Most higher scientific institutions in Arab countries are run by governments, which, in undemocratic systems, means that their goals actually are more political than scientific. This mode of governance reflects unfavorably on many aspects of academic life, rendering scientific merit and research of little importance for career advancement and precluding any genuine evaluation of the scientific performance of these institutions. Lack of high-quality research by faculty members, in turn, limits training opportunities for students and hinders the development of the very organizational structures that would support the growth of research capacity. This has turned most Arab universities merely into centers for knowledge dissemination, not for questioning, criticism, and an authentic search for new knowledge.

To allow research and science to take off once again in Arabic countries, universities and academic institutions need to be redefined as centers for both the dissemination and generation of knowledge, and research funding needs to be allotted according to proper evaluation mechanisms.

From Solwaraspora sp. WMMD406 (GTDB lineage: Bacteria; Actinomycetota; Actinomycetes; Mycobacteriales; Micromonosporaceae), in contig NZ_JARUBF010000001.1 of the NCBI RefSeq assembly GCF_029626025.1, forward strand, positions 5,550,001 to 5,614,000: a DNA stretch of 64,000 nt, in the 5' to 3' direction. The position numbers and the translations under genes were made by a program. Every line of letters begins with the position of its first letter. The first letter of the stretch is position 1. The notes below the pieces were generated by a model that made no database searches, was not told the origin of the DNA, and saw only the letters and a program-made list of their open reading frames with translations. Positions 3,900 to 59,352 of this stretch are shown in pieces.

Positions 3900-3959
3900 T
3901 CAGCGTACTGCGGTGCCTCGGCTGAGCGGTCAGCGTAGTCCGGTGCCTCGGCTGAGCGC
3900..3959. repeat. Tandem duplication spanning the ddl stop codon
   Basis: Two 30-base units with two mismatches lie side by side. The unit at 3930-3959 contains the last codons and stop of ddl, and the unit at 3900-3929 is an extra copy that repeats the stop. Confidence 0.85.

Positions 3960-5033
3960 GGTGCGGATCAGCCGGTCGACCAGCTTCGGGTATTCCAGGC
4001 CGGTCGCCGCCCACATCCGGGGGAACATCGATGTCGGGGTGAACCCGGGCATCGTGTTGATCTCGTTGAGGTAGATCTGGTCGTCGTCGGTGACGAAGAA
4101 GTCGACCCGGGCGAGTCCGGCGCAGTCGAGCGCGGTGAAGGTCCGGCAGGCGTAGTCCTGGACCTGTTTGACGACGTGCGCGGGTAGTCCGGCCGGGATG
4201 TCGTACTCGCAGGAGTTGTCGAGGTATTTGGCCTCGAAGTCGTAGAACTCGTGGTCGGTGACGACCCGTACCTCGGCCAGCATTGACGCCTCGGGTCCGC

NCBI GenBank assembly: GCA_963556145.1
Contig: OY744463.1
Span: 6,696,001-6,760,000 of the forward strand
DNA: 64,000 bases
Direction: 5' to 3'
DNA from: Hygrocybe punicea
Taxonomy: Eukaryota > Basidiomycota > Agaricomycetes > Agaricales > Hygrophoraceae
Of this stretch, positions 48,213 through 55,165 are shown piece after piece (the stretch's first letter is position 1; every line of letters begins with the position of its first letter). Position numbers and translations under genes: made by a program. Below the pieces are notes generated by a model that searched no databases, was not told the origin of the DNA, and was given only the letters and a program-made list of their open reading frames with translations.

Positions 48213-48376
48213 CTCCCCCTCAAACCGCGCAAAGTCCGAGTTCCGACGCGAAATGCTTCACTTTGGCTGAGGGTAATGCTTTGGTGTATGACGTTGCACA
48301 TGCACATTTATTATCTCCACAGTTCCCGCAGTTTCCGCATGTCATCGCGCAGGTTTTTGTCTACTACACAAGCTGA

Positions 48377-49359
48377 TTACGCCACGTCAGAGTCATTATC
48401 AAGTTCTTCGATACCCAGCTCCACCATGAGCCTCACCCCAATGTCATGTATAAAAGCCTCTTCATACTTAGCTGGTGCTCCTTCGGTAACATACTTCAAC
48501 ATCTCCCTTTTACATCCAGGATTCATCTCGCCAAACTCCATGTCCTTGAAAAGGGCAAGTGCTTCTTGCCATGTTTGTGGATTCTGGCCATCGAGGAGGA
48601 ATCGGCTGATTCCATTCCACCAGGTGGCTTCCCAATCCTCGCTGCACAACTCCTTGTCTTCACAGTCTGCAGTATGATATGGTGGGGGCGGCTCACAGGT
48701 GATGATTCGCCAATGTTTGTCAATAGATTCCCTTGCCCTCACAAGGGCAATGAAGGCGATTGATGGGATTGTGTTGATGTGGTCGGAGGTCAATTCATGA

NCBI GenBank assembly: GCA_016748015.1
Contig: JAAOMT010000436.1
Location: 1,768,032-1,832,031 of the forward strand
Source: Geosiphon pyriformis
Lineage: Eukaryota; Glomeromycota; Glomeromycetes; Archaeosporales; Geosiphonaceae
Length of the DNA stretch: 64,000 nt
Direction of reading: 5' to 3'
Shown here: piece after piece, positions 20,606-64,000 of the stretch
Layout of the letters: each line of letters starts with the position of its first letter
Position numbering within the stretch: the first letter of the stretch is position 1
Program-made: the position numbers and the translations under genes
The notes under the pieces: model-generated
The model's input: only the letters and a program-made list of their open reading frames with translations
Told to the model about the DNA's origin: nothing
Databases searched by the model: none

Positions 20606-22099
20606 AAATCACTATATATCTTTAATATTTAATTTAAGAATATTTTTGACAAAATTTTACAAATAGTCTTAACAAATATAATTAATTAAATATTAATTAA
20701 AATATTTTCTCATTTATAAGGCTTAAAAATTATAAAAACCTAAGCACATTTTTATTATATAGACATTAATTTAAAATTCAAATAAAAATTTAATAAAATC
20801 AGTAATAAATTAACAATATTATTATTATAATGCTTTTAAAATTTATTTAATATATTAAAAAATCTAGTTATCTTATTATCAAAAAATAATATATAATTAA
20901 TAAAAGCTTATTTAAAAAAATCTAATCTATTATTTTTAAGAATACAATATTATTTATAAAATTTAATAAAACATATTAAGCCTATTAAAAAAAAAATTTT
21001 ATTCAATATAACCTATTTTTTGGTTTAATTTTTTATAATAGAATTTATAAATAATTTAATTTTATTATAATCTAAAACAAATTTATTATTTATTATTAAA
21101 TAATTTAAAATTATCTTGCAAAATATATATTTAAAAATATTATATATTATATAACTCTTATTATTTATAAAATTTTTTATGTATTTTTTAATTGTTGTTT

But what are the prospects for Arabs in today's science landscape? The same information revolution that has been perceived by so many Arabs as threatening also presents an unprecedented opportunity for every nation in the world to close the science and technology gap. Every society now has the means to build its own science and technology capacities and in ways that do not necessarily follow the path of the West's scientific revolution. Such a prospect should make it easier for Eastern cultures to build their science base, and indeed, many nations in Asia are doing just that without much concern about the loss of their cultural identity or moral values.